Secular values which coincide with religious values

          Schools may indeed and should teach secular values such as honesty, respect for others, courage, kindness and good citizenship. These values, however, must not be taught as religious tenets. The fact that most religions also teach these values does not change the lawfulness and desirability of teaching them. It is also appropriate for school officials to instill in students such values as "independent thought, tolerance of diverse views, self-respect, maturity, self-reliance and logical decision-making."

Concerns that arise regarding "teaching about religion" in schools

           Although it is legal to teach about religion in schools in a neutral and secular manner, school administrators, teachers and parents should be cognizant of the inherent dangers of bringing religion into the classroom. Public school teachers should carefully consider the following factors:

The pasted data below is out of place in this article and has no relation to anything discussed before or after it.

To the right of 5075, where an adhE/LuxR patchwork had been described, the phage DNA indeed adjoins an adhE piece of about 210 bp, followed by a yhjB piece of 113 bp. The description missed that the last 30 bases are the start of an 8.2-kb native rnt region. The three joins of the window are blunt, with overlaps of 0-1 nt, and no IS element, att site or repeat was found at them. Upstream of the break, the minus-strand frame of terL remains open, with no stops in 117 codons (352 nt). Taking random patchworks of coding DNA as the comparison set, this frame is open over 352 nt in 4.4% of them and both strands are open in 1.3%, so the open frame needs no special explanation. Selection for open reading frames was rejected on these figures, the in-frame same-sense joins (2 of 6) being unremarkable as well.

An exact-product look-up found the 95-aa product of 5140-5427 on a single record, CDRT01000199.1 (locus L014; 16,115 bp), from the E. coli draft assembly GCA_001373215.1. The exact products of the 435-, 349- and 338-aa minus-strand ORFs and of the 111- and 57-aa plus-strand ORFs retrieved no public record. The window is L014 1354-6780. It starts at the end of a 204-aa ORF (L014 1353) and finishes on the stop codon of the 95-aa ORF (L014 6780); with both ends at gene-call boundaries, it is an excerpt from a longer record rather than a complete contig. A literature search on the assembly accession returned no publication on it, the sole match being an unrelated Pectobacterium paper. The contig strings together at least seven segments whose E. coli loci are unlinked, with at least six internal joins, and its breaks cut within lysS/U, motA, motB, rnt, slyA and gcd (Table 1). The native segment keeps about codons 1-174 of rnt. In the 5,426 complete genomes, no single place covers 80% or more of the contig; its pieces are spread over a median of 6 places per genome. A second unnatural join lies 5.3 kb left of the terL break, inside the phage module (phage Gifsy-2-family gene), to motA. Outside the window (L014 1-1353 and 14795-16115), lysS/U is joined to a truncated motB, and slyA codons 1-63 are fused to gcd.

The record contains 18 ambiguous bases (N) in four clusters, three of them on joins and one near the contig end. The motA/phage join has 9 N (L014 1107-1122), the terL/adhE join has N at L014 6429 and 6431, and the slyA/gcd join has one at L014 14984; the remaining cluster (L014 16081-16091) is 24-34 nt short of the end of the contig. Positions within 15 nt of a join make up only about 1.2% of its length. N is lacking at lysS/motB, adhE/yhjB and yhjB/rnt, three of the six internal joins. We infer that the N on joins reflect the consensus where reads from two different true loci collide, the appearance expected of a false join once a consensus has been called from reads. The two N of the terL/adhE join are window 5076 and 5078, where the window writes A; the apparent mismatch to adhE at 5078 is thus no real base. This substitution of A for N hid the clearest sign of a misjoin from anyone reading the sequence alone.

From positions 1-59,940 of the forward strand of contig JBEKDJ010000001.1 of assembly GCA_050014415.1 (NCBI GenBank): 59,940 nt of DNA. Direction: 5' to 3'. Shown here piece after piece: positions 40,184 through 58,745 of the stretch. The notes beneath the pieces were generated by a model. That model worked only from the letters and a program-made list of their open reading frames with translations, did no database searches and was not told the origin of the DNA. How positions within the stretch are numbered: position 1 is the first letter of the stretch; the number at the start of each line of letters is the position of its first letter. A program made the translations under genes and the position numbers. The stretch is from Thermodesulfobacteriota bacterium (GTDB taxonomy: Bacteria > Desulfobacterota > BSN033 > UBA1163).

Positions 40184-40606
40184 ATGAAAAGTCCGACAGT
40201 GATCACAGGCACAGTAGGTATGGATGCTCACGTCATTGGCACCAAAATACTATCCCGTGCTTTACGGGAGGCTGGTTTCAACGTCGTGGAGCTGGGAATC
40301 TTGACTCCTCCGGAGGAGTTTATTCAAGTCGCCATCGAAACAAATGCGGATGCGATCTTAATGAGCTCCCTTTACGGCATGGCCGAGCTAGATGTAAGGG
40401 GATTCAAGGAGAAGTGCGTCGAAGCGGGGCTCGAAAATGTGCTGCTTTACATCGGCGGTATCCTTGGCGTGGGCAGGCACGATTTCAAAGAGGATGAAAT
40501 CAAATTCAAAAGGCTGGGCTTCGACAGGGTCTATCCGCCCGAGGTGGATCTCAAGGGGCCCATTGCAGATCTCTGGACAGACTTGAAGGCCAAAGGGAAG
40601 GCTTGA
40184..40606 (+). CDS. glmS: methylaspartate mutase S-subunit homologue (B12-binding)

• Students are extremely susceptible to peer and public pressure and coercion. This concern is heightened, of course, at the elementary school level. Any discussion of religion in the classroom should be sensitive to the beliefs of the different students in the class. No student should be made to feel that his or her personal beliefs or practices are being questioned, infringed upon or compromised. A student should never feel ostracized on the basis of his or her religious beliefs.
  • If religion is discussed, great care must be taken to discuss minority as well as majority religions. The inclusion of only the major religions in a classroom discussion does not reflect the actual religious diversity within our society and the world. Cursory discussions will subtly denigrate the validity of minority religious beliefs held by some individuals, regardless of whether adherents to minority beliefs are represented in the class. If they are present, these students may feel excluded or coerced.